Polar Bears are also referred to as Sea Bears.  They are actually the only bear classified by several countries as a marine mammal.  Their paws are also wide and flat which helps them to propel through water in spite of their massive size.  Think of a paddle on a boat and how it can move a boat even without current.

Polar Bears are excellent swimmers and have no trouble whatsoever swimming underwater.

Facts About Polar Bears
  • Black Skin Covered with 2 Layers of White Fur
  • Height:  Up to 10 feet tall
  • Weight:   Up to 1100 lbs.
  • Life Span:  Up to 30 years
  • Nickname:  Sea Bear
  • Lives In:  Arctic Regions:  Alaska (US), Canada, Greenland, Russia & Norway
  • Food:  Seals, Reindeer, Fish, Seabirds, bird eggs and berries
  • Cubs:  1 - 4 Cubs born every 2 - 4 years
  • Currently:  Vulnerable Status, but numbers are decreasing

Polar Bears You Can Take Home!

Eastern Chipmunks

Chipmunks are pretty clever little creatures that many of us find in our own backyards.  They are really cute, but often hide when humans are around.   Frequently, we can only watch them out our windows.  I often see them eating the bird seed that drops on the ground, but I am rarely able to actually catch them on film.

I just happened to be outside the day I captured the photo on the left.   As you can probably tell by looking at the photo, as soon as this little guy realized I was actually around, he tried hard to hide.  I wasn't about to hurt him, but he had no way of knowing that, so he hid until the coast was clear.

Homeowners & Chipmunks 

 Chipmunk 2 Inch Round MagnetCheck PriceMany homeowners find chipmunks to be a nuisance since they will indeed dig up flowers and bulbs as they seek insects, worms or food.  They dig burrowing holes in the yard, or even nest in a basement.  Chipmunks are ground dwellers so are not likely to move into your attic, but if you have a basement or a crawl space under your house, you do need to take precautions.  Otherwise, like any creature, they are seeking shelter and a safe place to live.

It isn't necessary to spend a lot of money trying to keep chipmunks out of your house.  A simple owl or hawk decoy will often do the trick.  They are easily scared away by just the sight of such predators, real or not real, especially if you purchase a decoy that lights up or makes a loud noise when sensor activated.  (see example below)

Keep in mind that poisoning a chipmunk is a dangerous decision.  Any animal will eat poison, including your own pets, therefore you seriously run the risk of having many unintended victims.

Other than the nuisance factor, chipmunks do very little harm, if any.  Their damage is mostly limited to the garden areas when they are trying to extract food.  They don't carry diseases often associated with wildlife.  The biggest concern would be Lyme disease from ticks since all outdoor animals, including pets, are susceptible to ticks.  Those of us who live in areas that are highly infected with ticks need to be more informed of how to deal with ticks.  Killing the wildlife in our area is not the solution.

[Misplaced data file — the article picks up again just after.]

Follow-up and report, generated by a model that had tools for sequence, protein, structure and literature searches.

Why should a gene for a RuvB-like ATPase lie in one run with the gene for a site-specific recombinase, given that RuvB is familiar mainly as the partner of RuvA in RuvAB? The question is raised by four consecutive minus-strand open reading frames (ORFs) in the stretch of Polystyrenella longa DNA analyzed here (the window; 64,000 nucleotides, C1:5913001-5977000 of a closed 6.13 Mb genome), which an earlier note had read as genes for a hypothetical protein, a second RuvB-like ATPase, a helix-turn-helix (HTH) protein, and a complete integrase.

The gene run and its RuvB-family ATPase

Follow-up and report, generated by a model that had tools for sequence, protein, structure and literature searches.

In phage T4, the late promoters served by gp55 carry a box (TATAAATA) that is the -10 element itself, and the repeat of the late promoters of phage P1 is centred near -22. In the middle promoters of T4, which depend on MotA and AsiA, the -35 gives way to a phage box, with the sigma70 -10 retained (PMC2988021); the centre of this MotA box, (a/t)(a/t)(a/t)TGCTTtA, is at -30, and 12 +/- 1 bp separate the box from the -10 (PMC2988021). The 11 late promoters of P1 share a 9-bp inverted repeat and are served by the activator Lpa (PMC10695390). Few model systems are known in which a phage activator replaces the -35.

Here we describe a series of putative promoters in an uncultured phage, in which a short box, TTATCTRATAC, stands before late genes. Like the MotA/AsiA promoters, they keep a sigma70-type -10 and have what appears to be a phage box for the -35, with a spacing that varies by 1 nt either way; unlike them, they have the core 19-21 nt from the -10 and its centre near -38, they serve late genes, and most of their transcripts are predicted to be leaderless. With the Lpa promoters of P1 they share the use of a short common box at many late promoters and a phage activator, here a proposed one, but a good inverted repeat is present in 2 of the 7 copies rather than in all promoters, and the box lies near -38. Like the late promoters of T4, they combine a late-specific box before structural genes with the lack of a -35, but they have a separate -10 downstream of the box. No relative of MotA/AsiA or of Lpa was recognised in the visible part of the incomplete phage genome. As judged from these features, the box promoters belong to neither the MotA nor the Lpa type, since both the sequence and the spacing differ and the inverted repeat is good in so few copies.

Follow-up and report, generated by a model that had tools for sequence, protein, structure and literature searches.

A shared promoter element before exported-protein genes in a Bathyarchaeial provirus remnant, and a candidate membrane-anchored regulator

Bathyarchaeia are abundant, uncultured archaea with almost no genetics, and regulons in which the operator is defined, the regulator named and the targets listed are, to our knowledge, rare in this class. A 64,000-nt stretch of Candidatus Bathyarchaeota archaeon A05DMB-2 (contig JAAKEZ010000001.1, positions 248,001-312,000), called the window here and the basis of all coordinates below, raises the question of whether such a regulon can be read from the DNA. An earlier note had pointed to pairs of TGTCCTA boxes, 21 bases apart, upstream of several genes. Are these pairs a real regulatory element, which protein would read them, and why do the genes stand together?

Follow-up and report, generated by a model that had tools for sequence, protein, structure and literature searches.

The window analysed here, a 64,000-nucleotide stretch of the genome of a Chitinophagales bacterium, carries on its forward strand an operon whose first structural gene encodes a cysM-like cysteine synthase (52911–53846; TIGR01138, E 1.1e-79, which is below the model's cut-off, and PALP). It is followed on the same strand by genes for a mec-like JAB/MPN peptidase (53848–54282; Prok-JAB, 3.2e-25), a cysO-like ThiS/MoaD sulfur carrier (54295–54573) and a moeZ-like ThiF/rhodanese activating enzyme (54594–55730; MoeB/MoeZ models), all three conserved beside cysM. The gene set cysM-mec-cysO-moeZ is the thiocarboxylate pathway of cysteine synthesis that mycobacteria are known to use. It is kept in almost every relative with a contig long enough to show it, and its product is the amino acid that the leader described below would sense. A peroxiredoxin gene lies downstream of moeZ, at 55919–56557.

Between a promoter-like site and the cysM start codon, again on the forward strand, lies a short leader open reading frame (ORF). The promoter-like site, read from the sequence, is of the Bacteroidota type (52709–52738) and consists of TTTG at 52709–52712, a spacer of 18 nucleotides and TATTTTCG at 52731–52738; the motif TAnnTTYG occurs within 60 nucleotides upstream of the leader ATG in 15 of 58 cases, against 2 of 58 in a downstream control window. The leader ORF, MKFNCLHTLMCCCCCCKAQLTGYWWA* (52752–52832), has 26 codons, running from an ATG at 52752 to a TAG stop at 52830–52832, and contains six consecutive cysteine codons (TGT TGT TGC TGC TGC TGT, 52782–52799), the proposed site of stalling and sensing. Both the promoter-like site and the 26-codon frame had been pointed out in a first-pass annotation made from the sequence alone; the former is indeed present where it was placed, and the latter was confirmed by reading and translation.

Facts About Eastern Chipmunks 
(Tamias striatus)

Habitat:  Woodland or Bushy Areas
Life Span:  3 Years
Size:  5" - 8" or 12" including the tail
Weight:  2.5 - 5 oz
Food:  Nuts, Seeds, Fruit, Mushrooms, Insects, Worms and sadly Flower Bulbs
Predators Include:  Cats, Hawks, Owls, Snakes, Weasels, Raccoons, and Foxes

  • Rodent
  • Product 2 Litters of 4 -6 of Babies each Year:  One in Spring and One in Late Summer
  • Cheek Pouches for Food 
  • Sounds of the Chipmunk Sound like He is Telling You His Name:  Chip Chip
  • Often Referred to as a Ground Squirrel
  • Easily Recognized by Distinctive Stripes
  • Burrows Underground with Multiple Entrances

One really fascinating thing Chipmunks do when digging their homes, they either spread the dirt, or carry it away in their cheek pouches so the entrances are not easy to see.  He also camouflages his home with leaves, sticks or other natural debris.

Learn More About Eastern Chipmunks, Bring One Home or Scare Them Away!

 Eastern Chipmunks: Secrets of Their Solitary Lives (Smithsonian nature book)Check Price Hansa Upright Chipmunk Plush Animal Toy, 6Check Price Visual Scare Eye Glowing Owl - 15.5 Inch Owl Scarecrow with Solar Glowing EyesCheck Price


Giraffes are among the most beloved and amazing wild animals you can see at just about any zoo.  Their sweet faces and seemingly peaceful demeanor endear them to our hearts.  If they weren't so huge, we would all want to take them home and keep them as pets.

Giraffes are the tallest living land mammal.  Some actually tower over the rest of the animal kingdom by measuring more than 19 feet in height.   Because of their great height, they can feed on new leaf growth in the top branches of trees which others simply cannot reach.

Their tremendous height, coupled with their excellent eyesight, gives them an even greater advantage.  They can literally see danger coming long before other animals, which allows them to clear the area before it arrives.

Somali Giraffes aka Reticulated Giraffes

The Giraffes Ossicone